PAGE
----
Run Like Monkey

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Sore Calves and the Treadmill

Posted by scott on February 14, 2009

I have been a fair-weather winter runner and have only been going outside when the temp is in the balmy 20s and up.  So that means a lot of treadmill time, and I hate the treadmill.


photo credit: normanack

One thing that I particularly don’t like is that my calves get really sore.  I have been a sort-of Chi runner since I started running in 2007, when Jeremy threw the idea at me as kind of a gag.  And I’m now reading the POSE book and trying to mix some of that in.  But the bottom line is that trying to do any kind of “falling” or forward-leaning style on a treadmill is a challenge.

I also love running in my Vibram FiveFingers, but again the treadmill is not ideal.  I find that my calves get a lot more sore when I’m on the treadmill, even when I run with 0 incline and at the same pace as I run outdoors.  I haven’t analyzed why, but it’s odd.  I also find that the balls of my feet get more sore on the treadmill – I’m guessing this is because you can’t naturally lean or spring off your feet as easily – you are too focused on trying to keep up with the machine rather than running naturally.  Oh well.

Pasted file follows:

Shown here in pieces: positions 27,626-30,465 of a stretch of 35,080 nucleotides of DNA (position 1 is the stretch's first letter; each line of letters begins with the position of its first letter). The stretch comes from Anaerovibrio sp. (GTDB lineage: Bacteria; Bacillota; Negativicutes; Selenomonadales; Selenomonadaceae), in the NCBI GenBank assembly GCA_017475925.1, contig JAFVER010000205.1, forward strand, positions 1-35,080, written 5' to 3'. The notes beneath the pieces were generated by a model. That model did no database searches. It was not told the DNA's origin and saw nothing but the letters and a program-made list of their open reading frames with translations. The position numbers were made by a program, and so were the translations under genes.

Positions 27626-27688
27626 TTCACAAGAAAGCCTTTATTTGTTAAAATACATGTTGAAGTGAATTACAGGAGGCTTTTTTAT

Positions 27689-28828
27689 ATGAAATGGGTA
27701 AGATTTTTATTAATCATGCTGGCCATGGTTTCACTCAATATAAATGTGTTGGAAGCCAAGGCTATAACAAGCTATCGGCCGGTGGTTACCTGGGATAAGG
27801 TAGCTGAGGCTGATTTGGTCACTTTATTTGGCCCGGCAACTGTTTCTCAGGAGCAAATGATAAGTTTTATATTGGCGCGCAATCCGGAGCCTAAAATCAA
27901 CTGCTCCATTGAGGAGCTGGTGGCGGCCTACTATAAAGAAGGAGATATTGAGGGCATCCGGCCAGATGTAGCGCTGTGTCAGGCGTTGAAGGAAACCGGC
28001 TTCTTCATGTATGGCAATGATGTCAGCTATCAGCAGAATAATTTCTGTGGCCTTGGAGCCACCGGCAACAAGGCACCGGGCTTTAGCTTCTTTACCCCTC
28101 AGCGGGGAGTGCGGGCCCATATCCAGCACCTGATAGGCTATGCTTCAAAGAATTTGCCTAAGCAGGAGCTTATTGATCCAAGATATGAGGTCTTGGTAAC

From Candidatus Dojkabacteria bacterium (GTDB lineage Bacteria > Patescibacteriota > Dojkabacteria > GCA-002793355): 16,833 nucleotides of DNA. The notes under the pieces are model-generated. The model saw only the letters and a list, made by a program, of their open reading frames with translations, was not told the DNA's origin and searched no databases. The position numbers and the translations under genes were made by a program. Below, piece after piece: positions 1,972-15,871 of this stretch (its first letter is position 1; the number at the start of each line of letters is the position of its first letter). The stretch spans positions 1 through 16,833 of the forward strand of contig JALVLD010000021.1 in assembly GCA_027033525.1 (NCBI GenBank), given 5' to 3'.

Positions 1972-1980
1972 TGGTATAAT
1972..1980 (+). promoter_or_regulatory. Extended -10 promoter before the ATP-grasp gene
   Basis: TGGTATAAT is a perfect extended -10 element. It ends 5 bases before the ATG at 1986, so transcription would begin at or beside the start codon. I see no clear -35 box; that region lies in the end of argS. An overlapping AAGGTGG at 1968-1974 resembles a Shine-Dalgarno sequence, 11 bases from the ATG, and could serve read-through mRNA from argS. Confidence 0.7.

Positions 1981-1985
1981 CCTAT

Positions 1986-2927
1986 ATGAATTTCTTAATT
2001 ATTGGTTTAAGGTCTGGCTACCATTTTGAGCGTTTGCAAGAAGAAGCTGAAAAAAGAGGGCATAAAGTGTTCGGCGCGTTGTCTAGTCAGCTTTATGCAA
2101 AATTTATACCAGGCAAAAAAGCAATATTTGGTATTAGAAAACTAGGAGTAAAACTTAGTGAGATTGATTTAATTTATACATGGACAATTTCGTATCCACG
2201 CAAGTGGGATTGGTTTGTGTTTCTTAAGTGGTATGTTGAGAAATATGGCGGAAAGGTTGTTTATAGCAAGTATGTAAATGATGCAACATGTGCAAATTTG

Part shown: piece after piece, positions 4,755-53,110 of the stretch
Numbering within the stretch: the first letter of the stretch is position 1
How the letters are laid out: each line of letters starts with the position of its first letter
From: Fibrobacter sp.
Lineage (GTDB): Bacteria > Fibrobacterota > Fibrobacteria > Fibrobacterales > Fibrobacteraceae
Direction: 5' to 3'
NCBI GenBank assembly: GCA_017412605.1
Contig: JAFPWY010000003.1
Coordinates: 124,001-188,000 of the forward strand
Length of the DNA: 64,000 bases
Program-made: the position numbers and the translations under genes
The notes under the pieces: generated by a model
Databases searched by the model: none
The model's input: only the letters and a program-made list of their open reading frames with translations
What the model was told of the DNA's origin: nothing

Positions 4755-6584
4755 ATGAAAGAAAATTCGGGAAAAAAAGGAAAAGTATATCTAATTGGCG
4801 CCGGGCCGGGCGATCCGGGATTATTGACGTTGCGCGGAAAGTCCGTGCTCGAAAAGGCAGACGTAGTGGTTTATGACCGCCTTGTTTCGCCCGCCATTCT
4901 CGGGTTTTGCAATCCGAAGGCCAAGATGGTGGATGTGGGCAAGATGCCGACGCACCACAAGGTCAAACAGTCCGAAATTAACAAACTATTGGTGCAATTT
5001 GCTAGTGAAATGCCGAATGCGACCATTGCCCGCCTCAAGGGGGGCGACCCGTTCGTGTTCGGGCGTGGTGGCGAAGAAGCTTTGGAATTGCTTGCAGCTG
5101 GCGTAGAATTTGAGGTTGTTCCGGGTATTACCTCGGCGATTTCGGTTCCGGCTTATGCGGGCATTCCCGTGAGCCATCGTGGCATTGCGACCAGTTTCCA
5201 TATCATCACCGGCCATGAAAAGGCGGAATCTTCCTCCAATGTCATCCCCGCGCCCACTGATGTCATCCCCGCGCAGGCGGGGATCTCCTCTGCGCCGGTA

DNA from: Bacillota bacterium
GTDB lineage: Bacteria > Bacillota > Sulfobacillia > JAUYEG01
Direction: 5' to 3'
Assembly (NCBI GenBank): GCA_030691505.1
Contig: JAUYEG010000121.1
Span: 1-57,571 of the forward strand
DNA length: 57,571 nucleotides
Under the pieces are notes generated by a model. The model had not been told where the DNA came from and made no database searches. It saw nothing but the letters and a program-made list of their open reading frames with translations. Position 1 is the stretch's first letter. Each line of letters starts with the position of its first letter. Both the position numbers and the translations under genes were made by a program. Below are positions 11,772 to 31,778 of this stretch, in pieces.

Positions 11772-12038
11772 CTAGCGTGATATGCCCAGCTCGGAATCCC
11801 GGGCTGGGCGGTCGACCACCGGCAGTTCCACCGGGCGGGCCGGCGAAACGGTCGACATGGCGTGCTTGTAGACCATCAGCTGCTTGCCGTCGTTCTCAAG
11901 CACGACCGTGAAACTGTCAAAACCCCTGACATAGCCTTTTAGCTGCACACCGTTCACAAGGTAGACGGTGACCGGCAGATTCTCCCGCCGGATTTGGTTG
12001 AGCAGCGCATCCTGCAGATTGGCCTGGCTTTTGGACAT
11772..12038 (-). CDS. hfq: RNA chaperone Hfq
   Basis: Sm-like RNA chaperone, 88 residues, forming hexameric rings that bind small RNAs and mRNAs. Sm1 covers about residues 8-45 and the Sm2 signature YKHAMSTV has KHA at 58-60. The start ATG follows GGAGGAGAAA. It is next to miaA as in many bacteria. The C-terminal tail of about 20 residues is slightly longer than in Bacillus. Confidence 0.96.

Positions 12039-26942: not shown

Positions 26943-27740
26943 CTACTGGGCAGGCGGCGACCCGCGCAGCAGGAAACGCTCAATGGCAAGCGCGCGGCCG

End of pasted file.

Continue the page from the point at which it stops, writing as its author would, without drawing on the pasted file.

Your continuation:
It feels great to be running again, even if only a little and on the treadmill.  I’m up to 3 miles per run, 3-4 times per week.  It’s a far cry from the the plan I had for this week when I made my 2009 training plan last fall:

M – 6
T – 5
W – 8
Th – 6
Sat – 20

for a weekly total of 45.  I’m going to stay at about 3 miles per run this week, do stairs or the parking ramp (the office is in total flatland) on Thursday and see how it goes.


One Response to “Sore Calves and the Treadmill”

  1. FootracerJ said

    I’ve noticed the treadmill calf soreness myself in the past, and I believe it has something to do with the fact that your body is only moving up and down, instead of forward and up/down.

    I always find it interesting that physical therapy folks use a treadmill for gait analysis, when the forces involved are much different.

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